I am going to review in the order of which I read them, which was Of Blood and Fire first and The Fall second. Enjoy!
Epheria is a land divided by war and mistrust. The High Lords of the South squabble and fight, only kept in check by the Dragonguard, traitors of a time long past, who serve the empire of the North.
In the remote villages of southern Epheria, still reeling from the tragic loss of his brother, Calen Bryer prepares for The Proving – a test of courage and skill that not all survive.
But when three strangers arrive in the village of Milltown, with a secret they are willing to die for, Calen’s world is ripped from under him and he is thrust headfirst into a war that has been raging for centuries.
There is no prophecy. His coming was not foretold.
He bleeds like any man, and bleed he will.
“I told him that the sun will set, and it will rise again, and it will do so the next day and the next. The gods are in charge of such things, but it is by our own will that we pick ourselves up when we fall.”
Why did I wait so long to read this series? My only happiness in waiting is that the release of book three will be MUCH shorter for me. I haven’t felt this passionately about a traditional-feeling fantasy novel since The Faithful and the Fallen.
Actually, reading this gave me the feelings I hoped for when I started my Wheel of Time journey. You can see how Cahill’s writing is influenced by both of these series. His books are classic fantasy for the modern reader. He’s much better at writing emotion than Jordan, in my humble opinion, and his books don’t need to be edited down quite significantly. But for all that I can gripe about Jordan, I know he prolific and Cahill’s books capture the majesty of traditional fantasy that I find so comforting; the lore, the theory building, the vast, epic worlds, and of course, the fight of good vs evil. He has an accessible way of writing, and his writing style is polished yet welcoming.
It doesn’t hurt that he employs the use of my favorite trope ever, animal companionship. Wolfpines and dragons, alike. I seem to have a penchant for novels that use the combination of wolf-like creatures and dragons. In fact, in my review below for The Fall, I’m going to touch more on this.
I don’t say this lightly: The Bound and the Broken is some of the best self-published fantasy I’ve ever read, and I’ve read some good stuff. This series is set up for us to enjoy each book more each time we reread, and I already can’t wait to go back and read this to see what I missed the first time around. I have a feeling my rating will only get higher once I have a full feel of the intricacies.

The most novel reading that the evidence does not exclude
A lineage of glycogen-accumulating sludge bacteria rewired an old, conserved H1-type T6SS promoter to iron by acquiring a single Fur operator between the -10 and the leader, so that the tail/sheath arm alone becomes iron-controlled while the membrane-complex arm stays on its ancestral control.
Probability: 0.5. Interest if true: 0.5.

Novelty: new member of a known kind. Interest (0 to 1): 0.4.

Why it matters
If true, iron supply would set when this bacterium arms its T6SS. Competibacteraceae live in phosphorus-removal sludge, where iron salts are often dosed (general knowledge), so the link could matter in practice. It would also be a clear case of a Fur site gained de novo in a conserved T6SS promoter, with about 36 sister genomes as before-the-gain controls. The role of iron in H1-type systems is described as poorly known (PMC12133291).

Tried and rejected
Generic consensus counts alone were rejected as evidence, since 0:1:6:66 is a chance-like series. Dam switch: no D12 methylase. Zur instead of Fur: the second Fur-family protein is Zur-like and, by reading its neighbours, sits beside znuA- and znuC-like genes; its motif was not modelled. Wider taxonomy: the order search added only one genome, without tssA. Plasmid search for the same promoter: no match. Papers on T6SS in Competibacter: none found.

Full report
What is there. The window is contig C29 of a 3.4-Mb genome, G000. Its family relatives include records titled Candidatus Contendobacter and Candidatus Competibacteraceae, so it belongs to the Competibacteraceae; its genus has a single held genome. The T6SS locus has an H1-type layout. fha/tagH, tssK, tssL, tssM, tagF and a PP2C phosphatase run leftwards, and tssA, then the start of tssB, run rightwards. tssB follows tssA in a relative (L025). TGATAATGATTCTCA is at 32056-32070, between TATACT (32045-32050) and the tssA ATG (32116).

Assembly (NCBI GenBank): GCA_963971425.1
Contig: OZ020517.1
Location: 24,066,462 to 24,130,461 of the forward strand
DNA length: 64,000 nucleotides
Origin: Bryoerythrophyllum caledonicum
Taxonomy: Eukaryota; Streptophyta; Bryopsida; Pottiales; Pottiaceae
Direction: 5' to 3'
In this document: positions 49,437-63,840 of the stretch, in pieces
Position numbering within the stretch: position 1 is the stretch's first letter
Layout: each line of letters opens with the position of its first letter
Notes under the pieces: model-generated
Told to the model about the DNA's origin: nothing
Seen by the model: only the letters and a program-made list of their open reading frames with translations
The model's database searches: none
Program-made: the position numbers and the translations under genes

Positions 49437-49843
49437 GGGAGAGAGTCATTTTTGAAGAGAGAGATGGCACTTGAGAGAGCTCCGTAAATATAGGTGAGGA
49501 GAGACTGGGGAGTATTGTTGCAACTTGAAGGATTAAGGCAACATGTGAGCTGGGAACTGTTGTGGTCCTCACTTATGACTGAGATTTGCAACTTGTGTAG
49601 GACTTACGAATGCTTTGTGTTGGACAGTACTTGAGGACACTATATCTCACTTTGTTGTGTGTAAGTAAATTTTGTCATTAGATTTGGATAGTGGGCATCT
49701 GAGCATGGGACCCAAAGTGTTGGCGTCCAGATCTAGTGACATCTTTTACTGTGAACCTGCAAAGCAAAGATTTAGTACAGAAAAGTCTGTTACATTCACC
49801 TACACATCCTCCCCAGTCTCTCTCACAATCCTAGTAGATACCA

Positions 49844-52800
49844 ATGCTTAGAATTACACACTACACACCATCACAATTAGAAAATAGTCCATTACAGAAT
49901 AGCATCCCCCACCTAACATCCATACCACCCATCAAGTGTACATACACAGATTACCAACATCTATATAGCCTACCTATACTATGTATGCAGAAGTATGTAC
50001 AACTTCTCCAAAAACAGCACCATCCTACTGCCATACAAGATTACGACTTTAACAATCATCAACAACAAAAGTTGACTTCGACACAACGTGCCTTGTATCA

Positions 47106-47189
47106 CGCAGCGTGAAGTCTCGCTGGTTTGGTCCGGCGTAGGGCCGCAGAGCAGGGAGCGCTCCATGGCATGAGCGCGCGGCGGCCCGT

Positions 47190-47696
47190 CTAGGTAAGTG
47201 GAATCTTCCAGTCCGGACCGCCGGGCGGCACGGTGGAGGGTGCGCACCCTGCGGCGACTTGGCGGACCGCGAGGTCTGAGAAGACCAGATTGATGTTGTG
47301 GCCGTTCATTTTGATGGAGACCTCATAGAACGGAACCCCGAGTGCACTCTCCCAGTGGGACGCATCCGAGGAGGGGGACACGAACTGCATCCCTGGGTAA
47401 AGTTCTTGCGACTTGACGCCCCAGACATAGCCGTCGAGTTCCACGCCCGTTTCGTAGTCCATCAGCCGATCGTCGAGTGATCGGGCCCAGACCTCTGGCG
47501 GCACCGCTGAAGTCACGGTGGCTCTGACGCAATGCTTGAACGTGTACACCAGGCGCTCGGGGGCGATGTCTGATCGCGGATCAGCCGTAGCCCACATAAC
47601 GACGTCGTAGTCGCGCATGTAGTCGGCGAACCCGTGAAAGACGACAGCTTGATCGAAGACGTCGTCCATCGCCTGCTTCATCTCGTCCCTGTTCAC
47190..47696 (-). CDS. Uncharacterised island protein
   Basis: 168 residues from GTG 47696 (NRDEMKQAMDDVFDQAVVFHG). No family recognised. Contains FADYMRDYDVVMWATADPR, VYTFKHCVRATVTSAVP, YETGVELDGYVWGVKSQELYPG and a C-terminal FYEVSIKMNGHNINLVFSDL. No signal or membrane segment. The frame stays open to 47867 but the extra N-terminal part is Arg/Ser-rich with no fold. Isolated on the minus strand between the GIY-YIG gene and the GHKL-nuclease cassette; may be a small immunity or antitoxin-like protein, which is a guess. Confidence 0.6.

“If death could be beautiful, this was as close as it could come.”
ONTO THE NEXT!
The Order have watched over the continent of Epheria for thousands of years. But there are those who believe The Order has had its day. That it is corrupt, indulgent, and deceitful – that it is ready to fall.
The City of Ilnaen is on fire.
Dragons fill the skies.
Traitors fill the streets.
The Fall is a prequel novella that takes place four hundred years before the events in Of Blood and Fire – book one in The Bound and The Broken series.
“This is not a siege. It is an eradication.”
The Fall is the single best novella I’ve ever read. There’s more heart in this 90+ page novella than in most full sized fantasy novels. Every POV chapter was flawless. This is one of the only novellas that I have felt was completely necessary to the series as a whole. Read it. You will not regret it.
We get a taste of the bond between dragon and Draleid in book one, but this prequel novella really steps up the immersion. I read The Fall after Of Blood and Fire and I was filled with adrenaline and how well-written this bond was. I don’t hesitate to say that I think Cahill might have written one of the single best representations of sentient, intelligent dragons in fantasy. I have experienced the sheer awe of dragons many times when reading a fantasy novel. I think this is the first time I felt this depth of emotional involvement. Cahill doesn’t write ownership, he doesn’t write the seizing of a powerful beast, he writes a soul-searing, cavernous bond that will seep into your bones as if you are a Draleid yourself. I think this is often why I love books that feature wolf bonding, because many of us have experienced the bond with a devoted, furry, warm-blooded companion. Cahill is able to dig into that with the dragon-bonded. I won’t say more, but you really just need to read this novella.
And Kallinvar! The Knights of Achyron! We get a good glimpse into what this brotherhood is really about and it is glorious. I can’t wait to read more about them. We see The Fall from many different angles and the devastation it wrought. When I say I had tears in my eyes, I’m not joking. This is an emotional punch of a story.
The only worry you have here is deciding if you’re going to read it before Of Blood and Fire or after. Which in itself is a huge debate, so prepare yourself for that.
“Die well.” A soft smile touched the edges of Dylain’s mouth. “Live better.”
Vaughn Roycroft says
I don’t know why I’ve waited so long, either. Guess there are no excuses left. Thanks, Cassidee.